21 Dynamic Stretching Warm Up Exercises Fix
A 2008 study of roughly 2,000 soccer players in The BMJ found that a structured warm-up program that included running, jumping, dynamic stretching, and targeted exercises for strength, balance, core stability, and hip and knee durability decreased the overall risk of injury by 35 percent, and cut severe injuries by almost half.
21 Dynamic Stretching Warm Up Exercises
Scientists at Northwestern University had similar results in their 2011 study of 1,500 athletes. They found that 20 minutes of strength, balance, plyometric, and other dynamic stretching exercises before practice yielded a 65 percent reduction in gradual-onset injuries, a 56 percent reduction in acute non-contact injuries, and a 66 percent reduction in noncontact ankle sprains. More recently, a 2014 review of studies published in Orthopaedic Nursing found that tailoring a warm-up to a specific sport led to the fewest injuries and best outcomes.
Although a sport-specific warm-up is always preferable, the following dynamic stretching circuit encompassing a broad range of movements can help prepare your body for just about any athletic endeavor. Perform each move for one minute prior to working out or competing.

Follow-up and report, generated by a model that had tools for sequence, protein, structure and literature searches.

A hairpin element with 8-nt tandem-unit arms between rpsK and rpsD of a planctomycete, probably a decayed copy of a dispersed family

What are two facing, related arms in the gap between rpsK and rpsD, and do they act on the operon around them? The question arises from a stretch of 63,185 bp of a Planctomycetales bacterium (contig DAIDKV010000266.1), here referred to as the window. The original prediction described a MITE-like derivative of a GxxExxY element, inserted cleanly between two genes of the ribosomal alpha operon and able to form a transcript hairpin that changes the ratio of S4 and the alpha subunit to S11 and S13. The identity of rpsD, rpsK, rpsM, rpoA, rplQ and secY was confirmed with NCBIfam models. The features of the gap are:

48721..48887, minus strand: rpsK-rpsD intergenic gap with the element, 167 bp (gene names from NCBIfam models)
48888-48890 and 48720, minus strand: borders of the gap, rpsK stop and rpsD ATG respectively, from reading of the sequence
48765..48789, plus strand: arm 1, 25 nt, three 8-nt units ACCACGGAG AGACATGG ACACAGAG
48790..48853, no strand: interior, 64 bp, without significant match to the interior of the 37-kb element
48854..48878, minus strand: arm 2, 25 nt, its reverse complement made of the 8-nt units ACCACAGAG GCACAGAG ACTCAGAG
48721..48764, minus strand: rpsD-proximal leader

Dynamic stretching is a type of stretching that involves movement rather than holding the stretch in place. Here are some of the benefits of dynamic stretching, how it differs from static stretching, and an example warm-up routine.
For example, a small 2011 study found that participants who performed dynamic stretches could jump higher than those who did static or no stretching beforehand. This study suggests that dynamic stretches could be especially helpful for athletes who use explosive power from the lower body, such as sprinters.
Dynamic stretching is stretching that encourages you to use your full range of motion, which can help you warm up before exercise and improve overall flexibility. You also tend to lose flexibility as you age, Bushman says. Dynamic stretching can help combat this.